Green dominates the northern slope,
for plants below the Cleveland Way grow
lush in this damp ground. Other hues
are scattered, merely playing bit-parts
on this stage: sorrel’s ox-blood sprays;
the pinks of clover and campion; buttercups;
bluebells and occasional clumps of violets,
the whole spectrum being recombined
in white stitchwort and the plantains’ fuzz.
Rain overnight has muddied the path
down to the wyke: I step quickly
to catch up a slipping foot, but stop
a pell-mell descent just short of a drop.
‘Only a bouldery shore’, you’d probably say,
but close examination reveals fossils
in profusion – shells, bits of vegetation,
burrows, and slabs of ancient ripply beach
undercut and tumbled by the sea.
More muted than blooms, the cliff-face
shades from dark blue-grey, past lighter greys
and honeys, to iron’s ruddiness up top.
Like Jupiter’s great red spot, a tawny bulge
has perturbed the horizontals, depressing
a local syncline in the greys – once a runnel
draining through old mud, filled with sand
and smothered by the Jurassic’s rising sea
before a slow concretion into stone.
I’d like longer to explore, but the returning tide
threatens my retreat round fallen rock. I move
quickly from boulder to boulder, taking care
not to turn an ankle on wobbly stones.
I’ve not collected specimens: photographs
will be enough to relive on the computer screen
the variations I’ve seen in colour and form
when the strength to tramp the coastal path
is gone, and my memory has begun to fade.
Wyke: a bay between cliffs in Yorkshire, where a boat can be landed and a path leads up from the shore.
Hand in hand we take the usual path, smooth
and slippery after rain, to the postcard crag.
Grey billows are racing past us, whose blue
interstices let the sun brighten momentarily
a sliver of lime on Causey Pike and burnish
the dull bronze ring of Derwentwater’s oak.
We’d hoped for more: Keswick’s market
had opened under blue sufficient to preserve
the modesty of a million Dutch and, beyond,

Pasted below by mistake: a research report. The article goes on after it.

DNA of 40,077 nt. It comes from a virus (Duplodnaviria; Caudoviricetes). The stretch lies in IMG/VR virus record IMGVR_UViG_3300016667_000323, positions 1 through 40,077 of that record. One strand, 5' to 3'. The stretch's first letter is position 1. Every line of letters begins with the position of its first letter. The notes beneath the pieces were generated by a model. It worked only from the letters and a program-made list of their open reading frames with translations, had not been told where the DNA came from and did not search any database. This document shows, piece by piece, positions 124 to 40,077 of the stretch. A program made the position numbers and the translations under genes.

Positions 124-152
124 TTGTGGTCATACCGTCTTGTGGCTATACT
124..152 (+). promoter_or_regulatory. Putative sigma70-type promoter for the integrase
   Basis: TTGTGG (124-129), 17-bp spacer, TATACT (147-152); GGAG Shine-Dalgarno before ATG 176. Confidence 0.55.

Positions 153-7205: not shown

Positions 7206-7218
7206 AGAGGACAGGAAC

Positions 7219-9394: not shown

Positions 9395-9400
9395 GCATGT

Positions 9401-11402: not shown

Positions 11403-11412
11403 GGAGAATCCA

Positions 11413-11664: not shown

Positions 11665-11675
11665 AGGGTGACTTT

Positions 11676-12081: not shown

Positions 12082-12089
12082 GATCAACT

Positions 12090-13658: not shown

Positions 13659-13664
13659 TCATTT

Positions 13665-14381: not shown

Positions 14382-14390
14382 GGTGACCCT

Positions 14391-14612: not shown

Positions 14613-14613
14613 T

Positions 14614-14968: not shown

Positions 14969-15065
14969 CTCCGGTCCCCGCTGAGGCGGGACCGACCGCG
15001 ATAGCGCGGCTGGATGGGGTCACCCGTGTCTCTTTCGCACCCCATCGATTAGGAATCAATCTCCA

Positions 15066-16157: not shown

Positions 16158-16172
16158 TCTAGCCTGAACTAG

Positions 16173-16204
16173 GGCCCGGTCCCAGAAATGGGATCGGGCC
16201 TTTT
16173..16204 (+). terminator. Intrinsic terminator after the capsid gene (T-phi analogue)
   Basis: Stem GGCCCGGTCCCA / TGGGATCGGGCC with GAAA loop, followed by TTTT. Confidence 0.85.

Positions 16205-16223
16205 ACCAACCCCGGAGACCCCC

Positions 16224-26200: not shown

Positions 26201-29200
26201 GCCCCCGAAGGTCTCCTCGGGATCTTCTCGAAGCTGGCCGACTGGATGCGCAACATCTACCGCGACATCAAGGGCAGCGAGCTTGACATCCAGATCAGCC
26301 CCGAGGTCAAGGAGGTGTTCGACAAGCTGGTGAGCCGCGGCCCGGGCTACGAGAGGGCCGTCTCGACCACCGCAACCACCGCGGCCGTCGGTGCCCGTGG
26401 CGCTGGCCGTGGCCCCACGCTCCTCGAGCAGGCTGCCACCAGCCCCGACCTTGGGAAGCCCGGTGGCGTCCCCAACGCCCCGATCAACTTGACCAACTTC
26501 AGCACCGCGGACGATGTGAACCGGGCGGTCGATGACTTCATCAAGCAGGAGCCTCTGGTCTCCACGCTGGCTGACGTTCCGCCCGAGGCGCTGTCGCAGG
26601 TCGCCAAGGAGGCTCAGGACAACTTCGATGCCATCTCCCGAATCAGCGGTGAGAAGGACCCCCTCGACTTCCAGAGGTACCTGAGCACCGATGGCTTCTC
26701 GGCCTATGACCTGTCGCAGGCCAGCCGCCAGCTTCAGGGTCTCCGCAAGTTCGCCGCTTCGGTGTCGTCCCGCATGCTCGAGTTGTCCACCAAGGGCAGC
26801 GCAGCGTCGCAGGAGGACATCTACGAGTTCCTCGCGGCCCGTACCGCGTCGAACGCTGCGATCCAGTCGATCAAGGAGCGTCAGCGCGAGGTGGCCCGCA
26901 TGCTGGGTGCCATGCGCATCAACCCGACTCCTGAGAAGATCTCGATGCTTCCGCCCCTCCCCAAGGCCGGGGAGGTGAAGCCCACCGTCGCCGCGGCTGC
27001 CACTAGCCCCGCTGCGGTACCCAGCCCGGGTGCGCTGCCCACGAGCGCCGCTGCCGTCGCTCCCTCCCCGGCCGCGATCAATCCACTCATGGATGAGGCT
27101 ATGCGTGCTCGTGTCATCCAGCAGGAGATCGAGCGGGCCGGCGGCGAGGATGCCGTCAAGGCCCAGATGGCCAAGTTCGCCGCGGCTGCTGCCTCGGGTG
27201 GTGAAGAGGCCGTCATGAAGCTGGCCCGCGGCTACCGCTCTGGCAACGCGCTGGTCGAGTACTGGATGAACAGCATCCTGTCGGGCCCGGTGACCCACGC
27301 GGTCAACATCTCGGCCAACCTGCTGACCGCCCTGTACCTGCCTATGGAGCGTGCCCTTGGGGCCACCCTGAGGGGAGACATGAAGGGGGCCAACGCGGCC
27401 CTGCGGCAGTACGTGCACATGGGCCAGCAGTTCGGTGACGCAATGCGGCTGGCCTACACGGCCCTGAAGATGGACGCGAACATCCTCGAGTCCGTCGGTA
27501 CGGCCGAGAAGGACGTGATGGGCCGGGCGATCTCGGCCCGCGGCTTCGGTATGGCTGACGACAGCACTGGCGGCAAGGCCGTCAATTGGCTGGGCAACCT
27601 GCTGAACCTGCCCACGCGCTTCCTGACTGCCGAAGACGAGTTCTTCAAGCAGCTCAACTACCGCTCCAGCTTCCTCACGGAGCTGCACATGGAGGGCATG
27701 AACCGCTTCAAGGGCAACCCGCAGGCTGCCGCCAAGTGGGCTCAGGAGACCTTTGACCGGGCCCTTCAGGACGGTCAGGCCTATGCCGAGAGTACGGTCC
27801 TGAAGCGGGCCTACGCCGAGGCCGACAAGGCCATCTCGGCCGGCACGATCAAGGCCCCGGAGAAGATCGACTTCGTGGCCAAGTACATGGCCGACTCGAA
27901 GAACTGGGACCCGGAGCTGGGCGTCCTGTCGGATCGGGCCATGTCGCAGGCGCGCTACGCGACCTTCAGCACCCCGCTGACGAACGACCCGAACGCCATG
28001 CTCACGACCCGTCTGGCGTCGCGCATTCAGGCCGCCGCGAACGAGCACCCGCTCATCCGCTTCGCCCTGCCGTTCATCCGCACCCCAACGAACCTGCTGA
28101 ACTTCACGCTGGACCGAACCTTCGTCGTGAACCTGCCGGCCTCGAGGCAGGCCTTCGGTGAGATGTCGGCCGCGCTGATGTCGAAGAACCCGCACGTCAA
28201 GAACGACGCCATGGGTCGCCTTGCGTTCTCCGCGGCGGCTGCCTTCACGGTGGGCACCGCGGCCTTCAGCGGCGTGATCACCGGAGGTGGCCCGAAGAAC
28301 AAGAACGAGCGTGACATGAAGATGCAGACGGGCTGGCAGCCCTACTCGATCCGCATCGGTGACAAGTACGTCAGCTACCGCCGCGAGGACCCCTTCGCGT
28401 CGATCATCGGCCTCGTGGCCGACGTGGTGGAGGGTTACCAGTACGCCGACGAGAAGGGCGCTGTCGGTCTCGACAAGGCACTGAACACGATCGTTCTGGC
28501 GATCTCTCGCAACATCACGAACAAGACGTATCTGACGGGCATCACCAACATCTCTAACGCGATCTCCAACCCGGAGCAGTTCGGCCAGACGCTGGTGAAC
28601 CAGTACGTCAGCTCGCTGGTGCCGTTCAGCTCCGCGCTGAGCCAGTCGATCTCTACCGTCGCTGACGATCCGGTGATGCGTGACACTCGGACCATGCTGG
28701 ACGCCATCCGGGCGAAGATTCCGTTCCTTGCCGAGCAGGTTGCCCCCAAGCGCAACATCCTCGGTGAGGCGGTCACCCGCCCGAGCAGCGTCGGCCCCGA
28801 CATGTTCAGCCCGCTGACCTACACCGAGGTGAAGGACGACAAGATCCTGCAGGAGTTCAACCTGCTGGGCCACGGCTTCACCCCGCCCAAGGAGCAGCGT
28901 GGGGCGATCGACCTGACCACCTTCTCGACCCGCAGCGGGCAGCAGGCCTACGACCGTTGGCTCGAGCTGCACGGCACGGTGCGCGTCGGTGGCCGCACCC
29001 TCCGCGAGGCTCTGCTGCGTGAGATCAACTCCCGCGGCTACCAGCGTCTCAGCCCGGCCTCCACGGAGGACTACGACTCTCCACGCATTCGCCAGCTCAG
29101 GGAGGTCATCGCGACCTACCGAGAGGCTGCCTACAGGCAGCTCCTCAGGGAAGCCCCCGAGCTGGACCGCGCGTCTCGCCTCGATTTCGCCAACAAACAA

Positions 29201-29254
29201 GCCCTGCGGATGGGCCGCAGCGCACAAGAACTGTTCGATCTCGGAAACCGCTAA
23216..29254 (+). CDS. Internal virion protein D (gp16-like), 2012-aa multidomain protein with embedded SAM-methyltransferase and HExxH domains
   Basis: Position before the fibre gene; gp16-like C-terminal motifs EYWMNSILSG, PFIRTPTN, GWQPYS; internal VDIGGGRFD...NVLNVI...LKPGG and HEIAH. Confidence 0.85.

Skiddaw was at last unmasked. Yesterday
the fierce gusts hissing in Rossett’s grass
had battered us with cold, slinging mist
low across the pikes. We saw no distant peak,
no point in going on: pleasure could only lie
much closer to – a leafless rowan in the ghyll,
with scarlet bunches swaying above the fall’s
impasto black, white and licheny grey;
the yellowy-green of a sheltered ash;
bread, cheese and a hot drink beside the car;
then bath and bed. Today the squalls
are ripping leaves from their failing hold,
virga is veiling Borrowdale, and Castle Crag
is almost gone. No sense in staying out:
we retreat to the bar of The Dog & Gun
lest the impending rain should drench us
and its cold turn our gloveless fingers numb.
THE OLD MAN OF HOY
The haloed late sun provides my bearing
to the Old Man, whilst the shoulder of Moor Fea –
a shutter half-closed against the glare –
leaves the peaty path beneath sodden, blistered feet
indistinguishable from the tussocky heather
steepening blackly to the sea. Behind, sunlight
sidling into Rackwick after the day’s cloudiness
is picking indifferently among roofless crofts
and the reed-strewn pastures of the solitary farm,
yet holds where the reddish gull-flecked cliffs
curve crumblingly to the strand. There I’d passed
a spittling afternoon watching the retreating tide
dissipate its spillages between huge boules
circumscribed in beiges, dull reds and mauves,
like misshapen planets tossed on some cosmic dump
by their maker’s failing hand. Wincing, I conclude
this pilgrimage to the Old Man’s fissured spire
and head back towards the guest house, the halo
slowly fading into the thickening western sky.
REOCCUPATION, LOCH MORAR
They’d tidied up after the party, leaving
only beer cans and whisky bottles in the grate.
The croft is beyond repair – two tombstones
propped by windowless walls. Surreptitiously,
a rowan is easing apart a corner, freeing to fall
the last rusty piece of corrugated roof. Beyond,
like an inverted mossy octopus, black willow
switches are picketing the reclaimed land.
Mantz Yorke is a former science teacher and researcher living in Manchester, England. His poems have appeared in print magazines, anthologies, and e-magazines in the UK, Ireland, Israel, Canada, the US, Australia, and Hong Kong. His collection Voyager is published by Dempsey & Windle.